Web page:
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Cyprus, eBay and the Coin "Lobby"

The new US agreement restricting the import of antiquities from Cyprus has been causing much discussion. These new arrangements came into force on Monday July 16, 2007 (as reported in "U.S. Imposes Restrictions on Importing Cypriot Coins", New York Times, July 17, 2007):
"In a move that some coin collectors fear could eventually make it difficult to pursue their passion, the United States government has imposed import restrictions on ancient coins from Cyprus. It is the first time the United States has limited trade in a broad category of coins as part of an effort to guard the cultural heritage of another country."
The exchanges are becoming more heated.

Wayne Sayles ("Blinded by the Light", September 18, 2007) has launched an attack on Nathan Elkins in response to his blog ("Can Cultural Property Legislation Kill an Academic Discipline?", Safecorner, September 13, 2007):
"Mr. Elkins states that the unchecked trade in undocumented ancient coins is a severe problem. Is it the trade that is the problem, or is it instead misguided laws and the lack of law enforcement on archaeological sites? Should we put barriers on our freeways because people speed? Mr. Elkins would have more controls, more regulation, more restriction. That is a typical bureaucratic approach to solving a perceived, and in this case imperfectly understood, problem. I will continue to disagree."
The different groups need to listen to each other and to members from their own communities ("Coins and Cyprus: Listening to the Coin Forum", August 24, 2007).

But I am surprised to read a message posted on ("The Online Resource for Ancient Coins and Antiquities") on the eve (July 15, 2007) of the restrictions:
"... on sites like eBay my strategy would be to keep as low a profile as possible and avoid buzzwords like "Cyprus" and "coin" (remember all the ads containing words like "Mesopotamian" and "Babylonian" which were taken down after the laws were enacted against selling looted Iraqi antiquities)."
With views like this coming from coin collectors there is little wonder that academic numismatists are right to stress, as Elkins does,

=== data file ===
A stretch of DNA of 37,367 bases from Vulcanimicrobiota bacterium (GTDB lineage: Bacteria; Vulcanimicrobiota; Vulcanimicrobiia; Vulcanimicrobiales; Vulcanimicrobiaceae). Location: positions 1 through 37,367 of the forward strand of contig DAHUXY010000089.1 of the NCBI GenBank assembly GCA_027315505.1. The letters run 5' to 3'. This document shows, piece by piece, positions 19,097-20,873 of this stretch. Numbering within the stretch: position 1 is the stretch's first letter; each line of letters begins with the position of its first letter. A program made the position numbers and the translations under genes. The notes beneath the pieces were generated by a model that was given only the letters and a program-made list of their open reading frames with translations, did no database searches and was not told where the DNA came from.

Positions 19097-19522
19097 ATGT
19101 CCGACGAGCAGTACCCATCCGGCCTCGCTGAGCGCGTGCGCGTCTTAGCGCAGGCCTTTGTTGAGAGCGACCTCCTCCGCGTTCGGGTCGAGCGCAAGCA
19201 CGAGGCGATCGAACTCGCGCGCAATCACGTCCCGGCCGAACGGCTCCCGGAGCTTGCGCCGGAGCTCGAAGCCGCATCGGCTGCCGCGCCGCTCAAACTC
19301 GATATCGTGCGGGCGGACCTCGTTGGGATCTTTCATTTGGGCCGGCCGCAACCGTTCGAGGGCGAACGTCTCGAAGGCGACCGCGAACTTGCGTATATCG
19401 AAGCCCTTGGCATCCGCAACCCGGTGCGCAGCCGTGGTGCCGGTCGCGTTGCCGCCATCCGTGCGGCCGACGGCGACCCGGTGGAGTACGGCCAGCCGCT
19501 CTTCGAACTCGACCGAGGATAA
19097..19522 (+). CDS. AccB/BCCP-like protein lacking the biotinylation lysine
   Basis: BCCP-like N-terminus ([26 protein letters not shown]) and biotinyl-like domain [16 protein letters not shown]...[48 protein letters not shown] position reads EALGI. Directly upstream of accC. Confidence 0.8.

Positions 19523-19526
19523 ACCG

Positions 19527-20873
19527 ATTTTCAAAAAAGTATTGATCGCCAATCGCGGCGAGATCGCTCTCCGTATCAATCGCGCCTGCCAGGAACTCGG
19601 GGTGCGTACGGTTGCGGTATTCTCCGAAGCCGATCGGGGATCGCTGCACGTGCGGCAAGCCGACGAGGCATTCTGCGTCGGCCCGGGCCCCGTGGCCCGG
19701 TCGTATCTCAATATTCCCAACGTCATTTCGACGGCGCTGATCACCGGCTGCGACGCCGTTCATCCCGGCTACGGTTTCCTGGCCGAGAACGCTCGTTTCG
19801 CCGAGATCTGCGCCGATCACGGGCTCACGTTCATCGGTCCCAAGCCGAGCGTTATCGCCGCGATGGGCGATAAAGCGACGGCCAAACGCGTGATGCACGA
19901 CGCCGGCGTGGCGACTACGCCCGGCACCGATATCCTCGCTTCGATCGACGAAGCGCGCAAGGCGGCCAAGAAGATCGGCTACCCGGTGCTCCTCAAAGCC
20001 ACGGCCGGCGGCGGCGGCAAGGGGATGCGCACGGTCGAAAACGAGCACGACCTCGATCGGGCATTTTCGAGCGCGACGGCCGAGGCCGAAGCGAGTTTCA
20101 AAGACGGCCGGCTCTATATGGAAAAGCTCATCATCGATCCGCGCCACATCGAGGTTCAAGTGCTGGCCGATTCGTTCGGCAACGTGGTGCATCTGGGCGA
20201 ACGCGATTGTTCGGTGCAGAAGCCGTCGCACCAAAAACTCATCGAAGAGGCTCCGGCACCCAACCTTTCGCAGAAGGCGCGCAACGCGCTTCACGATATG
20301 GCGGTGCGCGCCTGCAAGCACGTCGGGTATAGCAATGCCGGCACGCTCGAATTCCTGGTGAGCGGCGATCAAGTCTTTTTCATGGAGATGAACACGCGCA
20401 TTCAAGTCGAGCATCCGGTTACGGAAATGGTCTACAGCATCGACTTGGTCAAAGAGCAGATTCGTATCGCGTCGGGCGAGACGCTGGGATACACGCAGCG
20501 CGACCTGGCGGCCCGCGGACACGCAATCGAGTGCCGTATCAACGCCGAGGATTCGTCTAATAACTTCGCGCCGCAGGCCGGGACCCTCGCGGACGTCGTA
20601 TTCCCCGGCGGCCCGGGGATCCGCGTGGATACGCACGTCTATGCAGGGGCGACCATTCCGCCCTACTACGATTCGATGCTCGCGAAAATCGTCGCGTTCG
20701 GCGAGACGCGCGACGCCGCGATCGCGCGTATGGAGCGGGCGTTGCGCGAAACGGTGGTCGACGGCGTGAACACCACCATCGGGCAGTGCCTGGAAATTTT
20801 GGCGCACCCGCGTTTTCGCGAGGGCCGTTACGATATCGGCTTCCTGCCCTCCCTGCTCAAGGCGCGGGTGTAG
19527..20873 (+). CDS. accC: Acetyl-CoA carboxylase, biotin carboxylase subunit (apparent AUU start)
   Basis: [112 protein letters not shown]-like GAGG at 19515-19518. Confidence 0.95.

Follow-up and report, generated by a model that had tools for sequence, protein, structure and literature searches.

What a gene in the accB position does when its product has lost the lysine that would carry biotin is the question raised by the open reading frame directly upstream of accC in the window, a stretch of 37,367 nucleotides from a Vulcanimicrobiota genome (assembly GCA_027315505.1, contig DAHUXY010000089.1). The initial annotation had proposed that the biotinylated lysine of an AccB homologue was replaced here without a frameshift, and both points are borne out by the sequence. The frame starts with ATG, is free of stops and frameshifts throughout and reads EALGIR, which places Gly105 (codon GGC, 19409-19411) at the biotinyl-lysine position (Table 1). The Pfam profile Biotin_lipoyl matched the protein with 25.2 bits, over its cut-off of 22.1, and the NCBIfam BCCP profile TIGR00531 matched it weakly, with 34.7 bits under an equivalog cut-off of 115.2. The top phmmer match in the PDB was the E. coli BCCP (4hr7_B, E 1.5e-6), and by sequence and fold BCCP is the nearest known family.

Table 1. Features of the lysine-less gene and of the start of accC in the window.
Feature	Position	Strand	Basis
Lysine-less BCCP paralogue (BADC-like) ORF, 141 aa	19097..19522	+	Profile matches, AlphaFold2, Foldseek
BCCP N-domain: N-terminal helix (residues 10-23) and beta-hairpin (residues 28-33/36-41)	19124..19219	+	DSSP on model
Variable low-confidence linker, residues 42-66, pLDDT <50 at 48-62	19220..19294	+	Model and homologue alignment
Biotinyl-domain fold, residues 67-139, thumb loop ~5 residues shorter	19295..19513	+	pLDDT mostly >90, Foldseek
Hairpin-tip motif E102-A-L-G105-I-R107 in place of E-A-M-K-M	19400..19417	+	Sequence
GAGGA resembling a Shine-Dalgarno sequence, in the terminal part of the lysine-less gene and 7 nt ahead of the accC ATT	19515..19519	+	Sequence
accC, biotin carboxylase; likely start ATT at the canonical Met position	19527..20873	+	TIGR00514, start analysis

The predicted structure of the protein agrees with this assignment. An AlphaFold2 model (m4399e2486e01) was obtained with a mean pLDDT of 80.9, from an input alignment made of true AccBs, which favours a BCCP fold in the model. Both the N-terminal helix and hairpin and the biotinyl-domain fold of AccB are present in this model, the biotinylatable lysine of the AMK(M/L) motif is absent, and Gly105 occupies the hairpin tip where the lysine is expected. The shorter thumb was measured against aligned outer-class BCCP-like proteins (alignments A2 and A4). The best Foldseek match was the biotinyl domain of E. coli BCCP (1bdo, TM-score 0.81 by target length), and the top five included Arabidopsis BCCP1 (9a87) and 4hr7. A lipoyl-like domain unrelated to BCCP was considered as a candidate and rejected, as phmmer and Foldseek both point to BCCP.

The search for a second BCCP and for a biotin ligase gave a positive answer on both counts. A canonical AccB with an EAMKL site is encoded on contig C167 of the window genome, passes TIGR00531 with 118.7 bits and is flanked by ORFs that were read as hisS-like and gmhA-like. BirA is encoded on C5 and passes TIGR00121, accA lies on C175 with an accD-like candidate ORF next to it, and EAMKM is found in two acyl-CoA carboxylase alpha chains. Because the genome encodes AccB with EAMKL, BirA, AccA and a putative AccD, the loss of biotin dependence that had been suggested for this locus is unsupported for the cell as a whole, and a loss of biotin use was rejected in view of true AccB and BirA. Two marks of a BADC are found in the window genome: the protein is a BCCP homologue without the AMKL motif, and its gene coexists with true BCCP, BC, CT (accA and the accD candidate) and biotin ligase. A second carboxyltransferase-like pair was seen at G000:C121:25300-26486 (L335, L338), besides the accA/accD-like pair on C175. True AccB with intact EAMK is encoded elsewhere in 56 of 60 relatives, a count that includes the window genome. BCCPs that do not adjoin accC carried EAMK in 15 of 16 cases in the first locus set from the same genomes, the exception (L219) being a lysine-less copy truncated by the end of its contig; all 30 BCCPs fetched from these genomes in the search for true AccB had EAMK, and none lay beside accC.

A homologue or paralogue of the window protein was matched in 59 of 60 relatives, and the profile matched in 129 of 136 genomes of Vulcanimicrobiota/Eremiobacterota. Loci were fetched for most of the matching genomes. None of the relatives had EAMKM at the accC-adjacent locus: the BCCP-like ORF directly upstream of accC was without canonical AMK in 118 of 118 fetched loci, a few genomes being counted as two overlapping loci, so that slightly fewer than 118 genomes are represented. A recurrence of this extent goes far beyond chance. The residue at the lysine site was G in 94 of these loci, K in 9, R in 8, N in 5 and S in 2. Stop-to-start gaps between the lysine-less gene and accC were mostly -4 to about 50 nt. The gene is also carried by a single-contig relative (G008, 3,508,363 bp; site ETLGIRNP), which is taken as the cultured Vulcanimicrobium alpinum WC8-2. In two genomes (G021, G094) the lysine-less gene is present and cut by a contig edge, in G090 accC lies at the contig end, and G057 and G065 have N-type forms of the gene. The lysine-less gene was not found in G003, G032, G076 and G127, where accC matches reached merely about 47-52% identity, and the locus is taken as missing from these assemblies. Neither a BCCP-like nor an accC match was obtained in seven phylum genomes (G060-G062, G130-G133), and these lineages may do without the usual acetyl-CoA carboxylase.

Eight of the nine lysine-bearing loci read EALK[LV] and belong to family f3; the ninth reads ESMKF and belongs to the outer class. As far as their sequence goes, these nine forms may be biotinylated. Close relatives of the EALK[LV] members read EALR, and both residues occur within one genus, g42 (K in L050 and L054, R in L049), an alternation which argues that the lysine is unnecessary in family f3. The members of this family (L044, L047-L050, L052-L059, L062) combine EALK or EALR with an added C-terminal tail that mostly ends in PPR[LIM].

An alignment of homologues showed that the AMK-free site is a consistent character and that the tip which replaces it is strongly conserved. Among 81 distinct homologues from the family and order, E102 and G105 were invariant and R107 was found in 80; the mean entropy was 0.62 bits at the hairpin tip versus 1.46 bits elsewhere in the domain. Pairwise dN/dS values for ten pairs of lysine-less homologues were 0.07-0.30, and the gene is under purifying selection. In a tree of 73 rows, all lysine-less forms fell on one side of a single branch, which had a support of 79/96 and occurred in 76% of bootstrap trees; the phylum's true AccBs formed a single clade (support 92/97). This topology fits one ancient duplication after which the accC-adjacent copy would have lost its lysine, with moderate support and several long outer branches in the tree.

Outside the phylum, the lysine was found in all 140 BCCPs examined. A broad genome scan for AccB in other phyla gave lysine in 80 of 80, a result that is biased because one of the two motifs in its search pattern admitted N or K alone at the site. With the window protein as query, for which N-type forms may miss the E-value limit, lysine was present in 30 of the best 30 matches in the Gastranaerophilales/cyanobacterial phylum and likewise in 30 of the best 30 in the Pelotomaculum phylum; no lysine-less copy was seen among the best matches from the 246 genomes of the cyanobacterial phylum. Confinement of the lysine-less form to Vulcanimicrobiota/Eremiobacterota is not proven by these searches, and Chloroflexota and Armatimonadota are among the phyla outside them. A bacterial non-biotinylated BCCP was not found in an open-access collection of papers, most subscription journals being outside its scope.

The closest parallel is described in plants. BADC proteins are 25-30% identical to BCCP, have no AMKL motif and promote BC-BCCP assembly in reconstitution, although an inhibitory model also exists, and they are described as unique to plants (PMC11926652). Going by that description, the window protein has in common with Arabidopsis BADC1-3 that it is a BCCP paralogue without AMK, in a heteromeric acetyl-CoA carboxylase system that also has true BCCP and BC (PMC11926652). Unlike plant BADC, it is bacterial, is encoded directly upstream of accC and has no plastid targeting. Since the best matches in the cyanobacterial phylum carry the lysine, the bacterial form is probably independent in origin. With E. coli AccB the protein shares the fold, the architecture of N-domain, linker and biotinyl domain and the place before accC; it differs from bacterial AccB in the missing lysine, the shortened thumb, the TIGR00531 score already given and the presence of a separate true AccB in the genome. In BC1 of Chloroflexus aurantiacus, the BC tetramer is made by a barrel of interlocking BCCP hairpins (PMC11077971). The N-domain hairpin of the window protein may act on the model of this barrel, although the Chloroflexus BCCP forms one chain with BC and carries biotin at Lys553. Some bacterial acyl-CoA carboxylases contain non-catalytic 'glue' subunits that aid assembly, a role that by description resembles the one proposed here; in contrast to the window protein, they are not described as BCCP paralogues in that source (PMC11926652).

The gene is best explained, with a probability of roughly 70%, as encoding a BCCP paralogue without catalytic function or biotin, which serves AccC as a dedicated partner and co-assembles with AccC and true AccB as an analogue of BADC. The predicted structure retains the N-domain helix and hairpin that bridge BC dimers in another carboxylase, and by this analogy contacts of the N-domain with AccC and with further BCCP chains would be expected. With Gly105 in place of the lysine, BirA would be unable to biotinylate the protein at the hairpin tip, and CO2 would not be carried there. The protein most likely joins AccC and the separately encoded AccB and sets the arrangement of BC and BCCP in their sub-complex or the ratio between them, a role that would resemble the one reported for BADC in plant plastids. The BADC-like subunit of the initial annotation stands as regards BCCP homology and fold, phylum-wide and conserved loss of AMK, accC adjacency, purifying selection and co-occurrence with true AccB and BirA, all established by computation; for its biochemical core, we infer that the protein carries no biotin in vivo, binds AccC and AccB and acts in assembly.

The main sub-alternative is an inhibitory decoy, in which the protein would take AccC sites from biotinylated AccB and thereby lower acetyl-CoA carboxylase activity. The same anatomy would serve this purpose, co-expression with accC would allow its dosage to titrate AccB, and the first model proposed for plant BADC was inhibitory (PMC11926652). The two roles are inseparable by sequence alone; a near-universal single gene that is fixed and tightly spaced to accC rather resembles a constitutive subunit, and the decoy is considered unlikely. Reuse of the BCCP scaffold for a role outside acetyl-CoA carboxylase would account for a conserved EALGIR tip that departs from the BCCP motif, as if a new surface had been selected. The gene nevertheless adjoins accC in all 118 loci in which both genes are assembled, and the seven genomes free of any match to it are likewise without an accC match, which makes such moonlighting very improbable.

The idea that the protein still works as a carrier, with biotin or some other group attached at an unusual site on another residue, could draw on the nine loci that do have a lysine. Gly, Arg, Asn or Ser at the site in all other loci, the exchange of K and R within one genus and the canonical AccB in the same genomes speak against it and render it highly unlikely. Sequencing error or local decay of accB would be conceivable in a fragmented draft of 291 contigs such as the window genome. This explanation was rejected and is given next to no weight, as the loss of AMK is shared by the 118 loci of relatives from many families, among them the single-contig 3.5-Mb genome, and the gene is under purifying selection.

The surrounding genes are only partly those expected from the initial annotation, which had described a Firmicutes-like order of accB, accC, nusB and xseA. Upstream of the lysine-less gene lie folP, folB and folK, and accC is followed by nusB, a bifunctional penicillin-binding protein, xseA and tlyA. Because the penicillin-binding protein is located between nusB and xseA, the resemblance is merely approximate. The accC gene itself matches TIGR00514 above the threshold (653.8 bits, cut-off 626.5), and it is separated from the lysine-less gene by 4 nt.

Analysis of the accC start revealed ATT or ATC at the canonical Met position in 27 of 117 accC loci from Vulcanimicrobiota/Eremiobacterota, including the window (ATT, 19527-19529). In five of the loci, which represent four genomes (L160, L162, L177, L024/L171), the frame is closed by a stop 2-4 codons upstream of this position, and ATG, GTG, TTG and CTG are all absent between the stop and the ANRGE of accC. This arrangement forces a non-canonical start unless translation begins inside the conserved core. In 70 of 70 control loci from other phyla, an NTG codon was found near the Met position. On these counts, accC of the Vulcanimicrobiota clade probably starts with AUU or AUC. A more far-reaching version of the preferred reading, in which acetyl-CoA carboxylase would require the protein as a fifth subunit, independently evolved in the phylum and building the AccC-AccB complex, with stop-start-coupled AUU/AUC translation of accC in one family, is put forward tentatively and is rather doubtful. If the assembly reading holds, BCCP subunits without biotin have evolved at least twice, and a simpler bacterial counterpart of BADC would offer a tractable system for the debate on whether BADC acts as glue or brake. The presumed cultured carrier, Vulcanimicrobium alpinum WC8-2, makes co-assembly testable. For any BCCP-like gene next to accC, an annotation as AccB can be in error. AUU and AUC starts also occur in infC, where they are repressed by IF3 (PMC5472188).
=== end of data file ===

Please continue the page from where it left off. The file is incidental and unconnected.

"ancient coins must be considered by cultural preservationists no differently than any other ancient object".


David Gill said…
Now also see Wayne Sayles, "ACCG attacked by archaeologist Elkins", September 19, 2007.
Voz said…
Dear Mr. Gill,

I am the author of the following comment:

"... on sites like eBay my strategy would be to keep as low a profile as possible and avoid buzzwords like "Cyprus" and "coin" (remember all the ads containing words like "Mesopotamian" and "Babylonian" which were taken down after the laws were enacted against selling looted Iraqi antiquities)."

Nice "gotcha!" journalism--ever think about a career with Dateline NBC? I can already picture you and Chris Hansen working together on another exclusive breaking story, but I digress...

I'd like to point out what the regulars at already know--namely that the comment was made tongue in cheek in response to someone else wondering about potential problems stemming from the sale of LEGITIMATE Cypriot coins for which they might have no documentary proof of provenance. In my post, I referenced the ridiculous situation which recently occurred on eBay whereby any auctions whatsoever that contained key words such as Iraq, Babylonian, Mesopotamian, etc. were removed as possible violations of anti-looting laws even when the auctions contained NO ANTIQUITIES WHATSOEVER. The obvious point of my post was that the seller of a LEGITIMATE Cypriot coin on a venue such as eBay, would probably be better off avoiding buzz-words which might cause his auction to be needlessly taken down.

The discussion board at is an informal friendly bunch and many of the posts (mine at least) are meant to be taken with a grain of salt, rather than as profound statements of personal philosophy and ethical mores--I trust you understand the difference.

Yours repectfully,

Voz Earl

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